I’m working on a project for a client on how to foster more open and honest debate. It’s a topic that I think most teams can benefit from, so I thought I would share some of the ideas here on the blog. Today, I’m going to hit on the high-level issues you need to think about. Over the next while, I’ll go into more detail on each.
If your organization’s culture is to shy away from conflict or to step back from uncomfortable situations, it’s going to take a sustained effort on each of these areas to start to make a difference. Dive in where you can and don’t give up when people don’t immediately start giving performances worthy of the Harvard debate team.
1. Make it clear what you need people to contribute
How many times have you gone to a meeting or worked on a project where you have no idea what you’re expected to contribute? If you aren’t sure what you’re doing, you aren’t likely to speak up. You’re even less likely to challenge or disagree with someone when you don’t know your place—what right do you have to challenge? When you engage with a teammate, make it clear what you’re looking for. “I’m not looking for word-smithing, I would like you to take a look at this and see if I’ve represented our customers well.” If you are asked to participate and your role isn’t made clear, just ask. “What are you looking for me to contribute?” “How can I help?”
2. Position people to succeed
There are few things that are more frustrating than being expected to weigh in on a topic when you don’t have the context or the information to make an informed contribution. If you’re looking for people to challenge and debate, you need to give them a leg to stand on. Provide background materials and see if people come to different conclusions. Better yet, ask people what information they think would be relevant for the team to consider. If you are asked to have a point of view but lack any relevant information, ask for some “what could I read to prepare myself for this discussion?”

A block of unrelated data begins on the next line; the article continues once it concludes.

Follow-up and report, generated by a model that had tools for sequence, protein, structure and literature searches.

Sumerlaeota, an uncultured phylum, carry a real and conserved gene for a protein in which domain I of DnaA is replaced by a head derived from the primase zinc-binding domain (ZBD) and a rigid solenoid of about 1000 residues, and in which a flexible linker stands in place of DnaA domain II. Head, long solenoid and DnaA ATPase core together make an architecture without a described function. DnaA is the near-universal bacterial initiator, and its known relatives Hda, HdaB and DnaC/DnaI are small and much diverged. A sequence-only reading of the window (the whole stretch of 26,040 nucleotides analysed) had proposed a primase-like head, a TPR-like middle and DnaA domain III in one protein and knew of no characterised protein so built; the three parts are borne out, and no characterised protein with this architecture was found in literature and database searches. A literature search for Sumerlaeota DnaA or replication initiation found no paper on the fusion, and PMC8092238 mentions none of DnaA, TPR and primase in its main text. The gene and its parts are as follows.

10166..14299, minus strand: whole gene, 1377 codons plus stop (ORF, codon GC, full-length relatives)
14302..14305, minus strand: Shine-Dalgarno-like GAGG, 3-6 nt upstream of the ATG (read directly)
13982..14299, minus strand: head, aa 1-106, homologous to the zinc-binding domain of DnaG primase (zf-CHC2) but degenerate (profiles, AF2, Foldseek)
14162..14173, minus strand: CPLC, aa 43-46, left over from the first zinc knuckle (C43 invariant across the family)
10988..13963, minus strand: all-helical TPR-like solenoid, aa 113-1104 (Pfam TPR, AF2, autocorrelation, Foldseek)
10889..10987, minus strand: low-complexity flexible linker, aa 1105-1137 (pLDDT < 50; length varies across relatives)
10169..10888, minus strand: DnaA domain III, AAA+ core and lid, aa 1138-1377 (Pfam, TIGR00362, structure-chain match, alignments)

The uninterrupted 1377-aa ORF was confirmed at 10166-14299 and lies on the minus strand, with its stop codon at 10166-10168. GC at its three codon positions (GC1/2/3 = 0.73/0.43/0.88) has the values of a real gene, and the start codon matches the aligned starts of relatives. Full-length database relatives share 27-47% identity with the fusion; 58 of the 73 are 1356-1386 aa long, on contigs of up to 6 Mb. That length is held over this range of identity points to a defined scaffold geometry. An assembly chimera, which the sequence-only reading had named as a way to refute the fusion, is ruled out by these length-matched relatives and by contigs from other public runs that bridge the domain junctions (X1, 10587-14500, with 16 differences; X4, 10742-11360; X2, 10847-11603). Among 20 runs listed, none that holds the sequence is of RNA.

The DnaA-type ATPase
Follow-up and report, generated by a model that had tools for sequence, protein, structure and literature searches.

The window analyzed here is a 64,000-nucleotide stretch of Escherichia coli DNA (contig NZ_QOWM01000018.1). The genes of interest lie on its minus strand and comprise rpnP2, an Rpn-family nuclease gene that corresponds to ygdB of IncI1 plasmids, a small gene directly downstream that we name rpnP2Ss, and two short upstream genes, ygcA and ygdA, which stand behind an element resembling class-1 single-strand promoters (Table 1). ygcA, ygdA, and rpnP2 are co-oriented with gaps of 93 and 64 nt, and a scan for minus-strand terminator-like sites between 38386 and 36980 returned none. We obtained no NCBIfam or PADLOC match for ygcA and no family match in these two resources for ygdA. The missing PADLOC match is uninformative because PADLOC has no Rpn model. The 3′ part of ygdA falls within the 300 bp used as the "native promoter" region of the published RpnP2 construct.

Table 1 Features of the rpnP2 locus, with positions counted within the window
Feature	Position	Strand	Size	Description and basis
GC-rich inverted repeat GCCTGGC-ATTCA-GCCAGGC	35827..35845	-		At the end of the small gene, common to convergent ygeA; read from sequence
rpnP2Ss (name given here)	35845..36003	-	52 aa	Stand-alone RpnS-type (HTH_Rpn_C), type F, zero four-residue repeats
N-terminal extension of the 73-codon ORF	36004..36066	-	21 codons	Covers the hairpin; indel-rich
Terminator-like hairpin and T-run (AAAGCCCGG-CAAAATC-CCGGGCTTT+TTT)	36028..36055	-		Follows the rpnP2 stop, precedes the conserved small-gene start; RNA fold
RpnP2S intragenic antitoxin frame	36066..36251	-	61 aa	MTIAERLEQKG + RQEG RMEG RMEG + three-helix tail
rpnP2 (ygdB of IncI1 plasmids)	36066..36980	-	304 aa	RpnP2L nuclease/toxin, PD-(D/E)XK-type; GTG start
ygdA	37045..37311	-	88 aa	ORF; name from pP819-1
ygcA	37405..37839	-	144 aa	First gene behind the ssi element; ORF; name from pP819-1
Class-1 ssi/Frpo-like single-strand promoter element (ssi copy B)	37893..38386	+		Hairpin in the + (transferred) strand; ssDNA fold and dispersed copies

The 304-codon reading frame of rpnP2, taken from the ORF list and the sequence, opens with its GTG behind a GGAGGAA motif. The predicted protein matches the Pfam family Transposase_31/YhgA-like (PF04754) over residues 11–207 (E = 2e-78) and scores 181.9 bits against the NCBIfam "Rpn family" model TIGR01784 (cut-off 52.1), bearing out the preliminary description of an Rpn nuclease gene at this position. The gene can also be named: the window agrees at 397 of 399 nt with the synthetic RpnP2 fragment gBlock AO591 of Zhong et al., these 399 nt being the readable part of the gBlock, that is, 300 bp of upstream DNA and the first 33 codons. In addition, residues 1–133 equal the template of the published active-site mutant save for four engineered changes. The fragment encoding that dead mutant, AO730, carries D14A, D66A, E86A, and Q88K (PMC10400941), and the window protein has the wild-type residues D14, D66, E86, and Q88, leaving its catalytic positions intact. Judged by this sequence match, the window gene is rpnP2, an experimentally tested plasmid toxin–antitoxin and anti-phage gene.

3. Shift from a culture of permission to a culture of obligation
Frequently, I hear language of permission around conflict and disagreement “it’s ok if you disagree” or “I welcome other perspectives.” That’s nice, but usually ineffective. If you have a conflict avoidant culture, it will be uncomfortable to disagree publically. If all you’re doing is giving someone permission to do something they don’t want to do (like giving your teenager permission to take out the trash) it’s not likely to happen. Instead, use the language of obligation, such as “I need you to point out things I’m missing” or “we are counting on each member of the team to bring the different perspective of their stakeholders.” Make active debate a non-negotiable.
4. Challenge ideas constructively
It’s important to model a positive response to ideas. That means challenging the idea rather than the person. It also means making your challenge feel like an alternative way to look at things, rather than as the only way (or the right way) to look at things. “It’s interesting that you came to that conclusion. When I read the report, I thought the sales trends suggested that we discontinue that product. How are you interpreting the Q1 and Q2 numbers?”
5. Reward those who add value
The final opportunity to encourage open and honest debate is to reward those who give it a try. When someone disagrees with you, sound interested, look open, engage in a conversation with them about their idea. When someone agrees with you, pay it little attention unless they share a unique perspective on why they agree or how they arrived at the same conclusion through a different path. If you reinforce the debate and disagreement, you’ll get much more of it in the future.
Getting to really candid and valuable debate and disagreement—what I call Productive Conflict, will take a while. Use these baby steps to move things in the right direction.